This may turn out to be a pivotal year in antibiotic development, after decades of dramatic decline in the space. While 1980 to 1984 saw 18 new antibiotic approvals, the period from 2005 and 2012 saw only four. As resistance becomes a more and more pressing issue, now even threatening to make routine surgery very difficult due to infection concerns, the need for new antibiotics is becoming very urgent.
The main problem is that antibiotics are still mostly effective, and new antibiotics don’t earn much revenue. But since resistance eventually will knock older antibiotics out of the market, then without significant incentives now, it may be too late to find new treatments when they are needed most.
Thankfully, legislative incentives from Congress are starting to have an effect. Nine new antibiotics have been approved since 2012, most of those since 2014, with the passage of the ADAPT Act incentivizing development. Despite the good news, no new class of antibiotics has been approved since 1987, and no better way of delivering them since the discovery of penicillin.
Thanks to progress made in 2017 though, it looks like 2018 could see both a radically new way of delivering antibiotics and finally the first new class approved in 30 years. Here are three companies involved in these advances.
Paratek Pharmaceuticals Inc. (NASDAQ: PRTK) is the first company to develop a new class of antibiotics in three decades. The new class is called aminomethylcyclines. In June last year, Paratek’s main candidate omadacycline in a Phase 3 study showed improved efficacy in bacterial infections versus linezolid, a current standard of care for resistant infections.
Then, in April, Paratek showed the new antibiotic achieved statistical noninferiority to moxifloxacin for community acquired bacterial pneumonia. Most recently, Paratek announced positive results from yet another Phase 3 trial in acute bacterial skin and skin structure infections, meeting all primary and secondary endpoints.
Its stock is up 92% from a year ago and near its highs, but approval has not been formally given yet. The new drug application is scheduled for 2018. Since approval is highly likely, 2018 could see a nice bump for the stock upon formal approval and beyond.
Insmed Inc. (NASDAQ: INSM) is in the business of sharpening antibiotic delivery. Amikacin is one of the most poisonous and powerful antibiotics known that can only be currently taken as a last resort in cases of life and death. Insmed’s formulation known as ALIS (for amikacin liposome inhalation suspension) encases the antibiotic in a lipid cushion for the treatment of non-tuberculous mycobacterium. The idea is to prevent direct contact with the blood, preventing poisonous side effects.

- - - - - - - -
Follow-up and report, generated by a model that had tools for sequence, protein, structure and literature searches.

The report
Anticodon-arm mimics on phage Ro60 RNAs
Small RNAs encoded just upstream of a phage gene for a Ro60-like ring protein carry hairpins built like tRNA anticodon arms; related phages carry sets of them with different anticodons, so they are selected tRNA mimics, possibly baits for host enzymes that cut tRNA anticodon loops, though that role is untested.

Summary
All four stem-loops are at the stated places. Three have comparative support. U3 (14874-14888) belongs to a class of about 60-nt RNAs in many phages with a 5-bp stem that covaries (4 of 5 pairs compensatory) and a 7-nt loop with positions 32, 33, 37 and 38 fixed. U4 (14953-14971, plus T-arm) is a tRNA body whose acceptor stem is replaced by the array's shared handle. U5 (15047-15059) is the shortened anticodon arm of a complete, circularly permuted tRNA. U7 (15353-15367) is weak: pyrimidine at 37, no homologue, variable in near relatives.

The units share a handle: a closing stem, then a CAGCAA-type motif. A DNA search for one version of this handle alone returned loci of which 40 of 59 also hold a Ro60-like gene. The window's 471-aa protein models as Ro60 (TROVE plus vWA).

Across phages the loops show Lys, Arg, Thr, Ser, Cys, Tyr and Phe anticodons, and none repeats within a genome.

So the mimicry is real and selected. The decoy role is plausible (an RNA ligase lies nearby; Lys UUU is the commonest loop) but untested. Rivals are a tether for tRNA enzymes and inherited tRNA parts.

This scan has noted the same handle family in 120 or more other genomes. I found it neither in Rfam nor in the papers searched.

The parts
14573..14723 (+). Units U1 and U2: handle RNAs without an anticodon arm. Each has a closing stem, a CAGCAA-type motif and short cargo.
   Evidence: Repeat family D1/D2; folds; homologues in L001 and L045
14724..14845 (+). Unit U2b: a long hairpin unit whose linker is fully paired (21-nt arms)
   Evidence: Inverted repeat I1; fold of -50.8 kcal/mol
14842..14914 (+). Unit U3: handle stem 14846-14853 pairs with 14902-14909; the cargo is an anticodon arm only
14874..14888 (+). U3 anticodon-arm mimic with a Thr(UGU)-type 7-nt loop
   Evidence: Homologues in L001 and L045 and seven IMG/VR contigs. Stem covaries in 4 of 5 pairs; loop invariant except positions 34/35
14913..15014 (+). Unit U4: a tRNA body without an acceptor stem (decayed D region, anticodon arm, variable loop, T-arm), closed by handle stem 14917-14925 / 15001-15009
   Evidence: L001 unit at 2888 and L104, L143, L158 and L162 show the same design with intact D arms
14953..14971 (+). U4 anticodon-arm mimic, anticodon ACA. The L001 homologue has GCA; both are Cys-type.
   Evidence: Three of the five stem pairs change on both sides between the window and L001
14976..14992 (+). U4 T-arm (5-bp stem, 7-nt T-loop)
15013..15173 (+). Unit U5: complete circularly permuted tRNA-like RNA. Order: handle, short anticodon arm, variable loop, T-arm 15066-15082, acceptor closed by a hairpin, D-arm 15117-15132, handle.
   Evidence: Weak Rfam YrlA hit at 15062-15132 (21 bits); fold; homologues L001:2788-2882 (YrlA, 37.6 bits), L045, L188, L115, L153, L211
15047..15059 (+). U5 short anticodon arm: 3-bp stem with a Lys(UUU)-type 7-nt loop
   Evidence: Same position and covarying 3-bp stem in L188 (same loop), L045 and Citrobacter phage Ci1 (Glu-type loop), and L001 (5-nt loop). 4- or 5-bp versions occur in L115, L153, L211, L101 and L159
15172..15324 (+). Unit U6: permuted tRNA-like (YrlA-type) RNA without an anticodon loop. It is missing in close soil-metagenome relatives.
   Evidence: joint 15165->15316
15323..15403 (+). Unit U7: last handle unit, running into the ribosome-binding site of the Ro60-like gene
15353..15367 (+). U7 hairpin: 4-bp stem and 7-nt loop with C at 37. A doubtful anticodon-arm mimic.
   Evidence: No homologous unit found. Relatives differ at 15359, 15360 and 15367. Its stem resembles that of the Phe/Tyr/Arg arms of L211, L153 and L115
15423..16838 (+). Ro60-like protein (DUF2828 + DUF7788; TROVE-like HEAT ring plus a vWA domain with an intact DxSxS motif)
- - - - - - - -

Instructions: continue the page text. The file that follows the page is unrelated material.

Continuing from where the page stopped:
A Phase 3 trial recently met its primary endpoint after six months of treatment in 29% of patients, compared to 9% on standard of care. Approval is expected in 2018, which could give a big boost to Insmed shares beyond what they have already experienced this year.
Similar to Insmed, this company is formulating a new way of delivering currently poisonous antibiotics. Matinas Biopharma Holdings Inc. (NASDAQ: MTNB) is more of a long term anti-infective play rather than a quick turnaround based on an imminent FDA approval, because it has yet to conduct any Phase 3 trial. Any significant revaluation depends on developments in 2018.
Matinas’s main pipeline candidate is designed for leukemia patients as a prophylactic. Since leukemia patients are immunocompromised, they are prone to invasive infections. They also need antibiotics (or antifungals as the case may be) that are not broken down in the liver due to drug-to-drug interaction potential. The only antifungal known to fit the profile is amphotericin B, a poisonous antifungal only taken as a last resort due to potentially fatal side effects.
Matinas has completed Phase 2 trials showing that its formulation of amphotericin B all but eliminates poisonous side effects. It does this by encasing the antifungal in an envelope called an encochleate, much like Insmed encases amikacin in a liposome. A Phase 3 study is scheduled for 2018.
The same technology driving amphotericin B is being used in amikacin, the selfsame drug that succeeded in Phase 3 for Insmed, resulting in a $1 billion revaluation.
Whichever company succeeds, if any, the anti-infective space is likely strengthen as antibiotic resistance becomes a more and more serious issue. Whether it’s entirely new classes of antibiotics or better ways of administering existing ones, the space is much ignored with a big potential for growth over the next 10 years and beyond.
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